Purpose of the study
Adequate treatment of forearm nonunion should achieve both biological stimulation of the bone and mechanical stability. The use of bone graft could enhance the healing of a nonunion providing osteogenic, osteoconductive and osteoinductive stimulation and an optimal stability of the fixation. We retrospectively reviewed two cohorts of patients affected by forearm nonunion and treated with plate and opposite bone graft to determine whether the use of autograft versus allograft differs in terms of (1) rate of healing of the nonunion and (2) time of healing.
Materials and methods
Thirty-four patients were treated for aseptic forearm nonunion with cortical graft strut with opposite plate and intercalary graft in case of segmental bone defect. In 20 patients an autograft harvest from the fibula (group A) and in 14 (group B) an allograft provided by the bone bank of our institution were used.
All the nonunions healed in a mean of four months in both groups, ranging from two to 12 months in group A and from three to ten months in group B. At the latest follow up forearm function and pain were satisfactory in both groups.
The use of plate and opposite bone graft demonstrated to be effective in promoting the healing of forearm nonunions, without significant differences in terms of rate and time of healing in the two groups. Considering the higher surgical time and the comorbidity of the donor site, if a bone bank is available, we suggest to use homologous cortical bone strut graft with opposite plate and screw fixation for the treatment of aseptic forearm nonunion rather than autograft.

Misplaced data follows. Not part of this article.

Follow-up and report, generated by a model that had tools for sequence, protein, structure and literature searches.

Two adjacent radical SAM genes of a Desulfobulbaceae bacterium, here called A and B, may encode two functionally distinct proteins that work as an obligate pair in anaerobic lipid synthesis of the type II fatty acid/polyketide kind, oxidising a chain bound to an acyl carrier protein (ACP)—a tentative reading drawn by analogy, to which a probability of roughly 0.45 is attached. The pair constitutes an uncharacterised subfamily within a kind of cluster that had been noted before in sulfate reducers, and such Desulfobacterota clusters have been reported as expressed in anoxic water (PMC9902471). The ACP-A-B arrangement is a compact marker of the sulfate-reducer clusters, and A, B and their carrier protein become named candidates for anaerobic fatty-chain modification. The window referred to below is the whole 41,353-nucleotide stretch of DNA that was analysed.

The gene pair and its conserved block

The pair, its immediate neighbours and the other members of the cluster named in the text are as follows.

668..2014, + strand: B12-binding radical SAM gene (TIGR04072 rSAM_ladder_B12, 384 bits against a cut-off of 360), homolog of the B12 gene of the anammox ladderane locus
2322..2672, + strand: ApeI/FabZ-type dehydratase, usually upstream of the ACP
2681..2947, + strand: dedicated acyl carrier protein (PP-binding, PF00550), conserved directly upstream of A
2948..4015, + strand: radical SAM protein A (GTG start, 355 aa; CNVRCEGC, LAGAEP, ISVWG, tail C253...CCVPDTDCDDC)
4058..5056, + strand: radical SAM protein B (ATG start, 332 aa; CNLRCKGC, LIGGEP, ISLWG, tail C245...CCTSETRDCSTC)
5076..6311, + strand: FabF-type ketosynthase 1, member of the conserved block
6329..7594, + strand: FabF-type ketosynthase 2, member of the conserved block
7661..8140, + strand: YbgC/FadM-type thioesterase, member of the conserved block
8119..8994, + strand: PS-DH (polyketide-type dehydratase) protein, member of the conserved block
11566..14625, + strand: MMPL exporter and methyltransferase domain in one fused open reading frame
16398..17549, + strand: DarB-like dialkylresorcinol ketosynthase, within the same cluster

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Faldini, C., Traina, F., Perna, F. et al. Surgical treatment of aseptic forearm nonunion with plate and opposite bone graft strut. Autograft or allograft?. International Orthopaedics (SICOT) 39, 1343–1349 (2015) doi:10.1007/s00264-015-2718-6
- Forearm nonunion
- Aseptic nonunion
- Surgical treatment
- Bone graft